Monday, February 10, 2020


Elves are just a fairy tale. Everyone knows that.

There are no little people living in holes in rocks, or beautiful flaxen people living in trees, or beautiful little flaxen people living in rocks in trees for that matter.

There are no elves.

Or at least, there weren't any. Not before they tried creating themselves.

No one knows who the original tribe of scavengers was, what they looked like, or what they called themselves. All that is known is that they were sick.

Sick of body, that is. They were diseased, wracked by horrible afflictions and conditions which ensured that they each died a painful, early death. Gelid bones snapped like twigs and pallid skin ripped like paper. Buboes wept across each frail, emaciated form. Every child born was mourned as if it was their funeral- and after a fashion, it was. Life was painful death.

Perhaps their homeland was contaminated. Perhaps a god was angry with them.

If any of them even remember, they aren't telling. It doesn't matter anymore.

What matters is that one day, they found a way to beat the hellish lot they'd been given.

Consummate surgeons as a matter of course, the wretched kin were no strangers to excision and amputation. But as these short-lived creatures honed their skills over the desperately scrambling generations, a strong undercurrent of grotesque and creative experimentation developed.

If there were only some way to unlock the true potential of their flesh, they could save their people.

Eventually, they discovered the truth. That their own flesh was irredeemable.

But the flesh of others, meanwhile...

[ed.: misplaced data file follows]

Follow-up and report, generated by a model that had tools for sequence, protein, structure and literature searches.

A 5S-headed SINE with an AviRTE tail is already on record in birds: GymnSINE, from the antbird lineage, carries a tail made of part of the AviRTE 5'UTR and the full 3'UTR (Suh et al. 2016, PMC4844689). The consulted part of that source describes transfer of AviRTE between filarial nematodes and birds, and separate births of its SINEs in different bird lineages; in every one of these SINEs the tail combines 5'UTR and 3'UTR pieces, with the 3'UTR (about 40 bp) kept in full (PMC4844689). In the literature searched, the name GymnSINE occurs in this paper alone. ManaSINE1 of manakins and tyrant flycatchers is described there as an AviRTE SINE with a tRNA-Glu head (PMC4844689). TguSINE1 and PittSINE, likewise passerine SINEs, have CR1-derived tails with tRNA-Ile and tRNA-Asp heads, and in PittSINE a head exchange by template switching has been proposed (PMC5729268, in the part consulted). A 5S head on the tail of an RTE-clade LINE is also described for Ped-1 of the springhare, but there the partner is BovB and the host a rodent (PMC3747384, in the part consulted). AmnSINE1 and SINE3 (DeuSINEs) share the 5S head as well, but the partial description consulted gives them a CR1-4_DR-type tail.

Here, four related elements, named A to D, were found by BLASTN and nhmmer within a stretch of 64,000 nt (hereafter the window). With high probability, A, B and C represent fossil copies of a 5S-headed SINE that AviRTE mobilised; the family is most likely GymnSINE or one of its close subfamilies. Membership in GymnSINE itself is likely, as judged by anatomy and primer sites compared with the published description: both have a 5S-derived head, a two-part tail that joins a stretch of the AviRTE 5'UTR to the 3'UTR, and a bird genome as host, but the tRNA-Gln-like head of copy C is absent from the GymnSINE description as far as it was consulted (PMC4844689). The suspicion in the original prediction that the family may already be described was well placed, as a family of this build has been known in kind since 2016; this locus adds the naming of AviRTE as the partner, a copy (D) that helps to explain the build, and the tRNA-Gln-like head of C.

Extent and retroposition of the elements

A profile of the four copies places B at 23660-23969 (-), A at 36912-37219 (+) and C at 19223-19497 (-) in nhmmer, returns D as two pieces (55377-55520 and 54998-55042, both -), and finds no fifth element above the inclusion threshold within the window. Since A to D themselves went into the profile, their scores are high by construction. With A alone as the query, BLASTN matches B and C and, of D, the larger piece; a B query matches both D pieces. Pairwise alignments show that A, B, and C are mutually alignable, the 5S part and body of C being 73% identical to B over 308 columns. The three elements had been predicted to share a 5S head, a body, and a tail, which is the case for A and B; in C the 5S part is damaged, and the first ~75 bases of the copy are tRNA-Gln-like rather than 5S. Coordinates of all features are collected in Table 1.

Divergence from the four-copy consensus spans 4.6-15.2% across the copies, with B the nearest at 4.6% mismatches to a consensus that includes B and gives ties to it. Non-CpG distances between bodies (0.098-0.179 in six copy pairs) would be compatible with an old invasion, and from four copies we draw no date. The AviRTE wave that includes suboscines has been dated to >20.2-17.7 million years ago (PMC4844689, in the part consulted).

The first grafting was done using spare parts from carcasses found in the wild. They were messy, unsuccessful affairs that ended in rejection and infection. But they sparked a desperate hope in their palpitating hearts and gave an extra glint to their knives. They honed their craft, catching live specimens for extensive study until they could determine ideal "donor" conditions.

At last, there was success. A mismatched paw grafted onto an arm's stump. It succumbed to the same diseases as the rest of its body in the end, but it deteriorated just slowly enough to give the cutters and slicers the last terrible inspiration they needed:

If enough fresh, spare parts could be kept on hand, they could be swapped out faster than they decayed. Skin, limbs, tissues, vital organs, all could be replaced. Longevity could be achieved.

The first of the truly grafted were frightening amalgamations of parts taken from whatever animals they could hunt. But they were looked upon with such hope and adoration. The plague burned slowly within them still, but it could be fought.

Life expectancy began to rise. It was a mere few weeks here and there, but that was enough to feel like a lifetime to the wretched kin. Many more of them flocked to be augmented, and the demand for spare parts steadily rose.

It wasn't long before they looked to other people as a source of parts. Those who had shunned and shunted out those anemic little creatures were now looked upon with a fascination bordering on hunger. They were a better fit, being humanoid. And while abnormality and asymmetry had been the norm for generations by that point, there was a certain aesthetic tickle to having healthier arms and legs than any of them had ever been born with.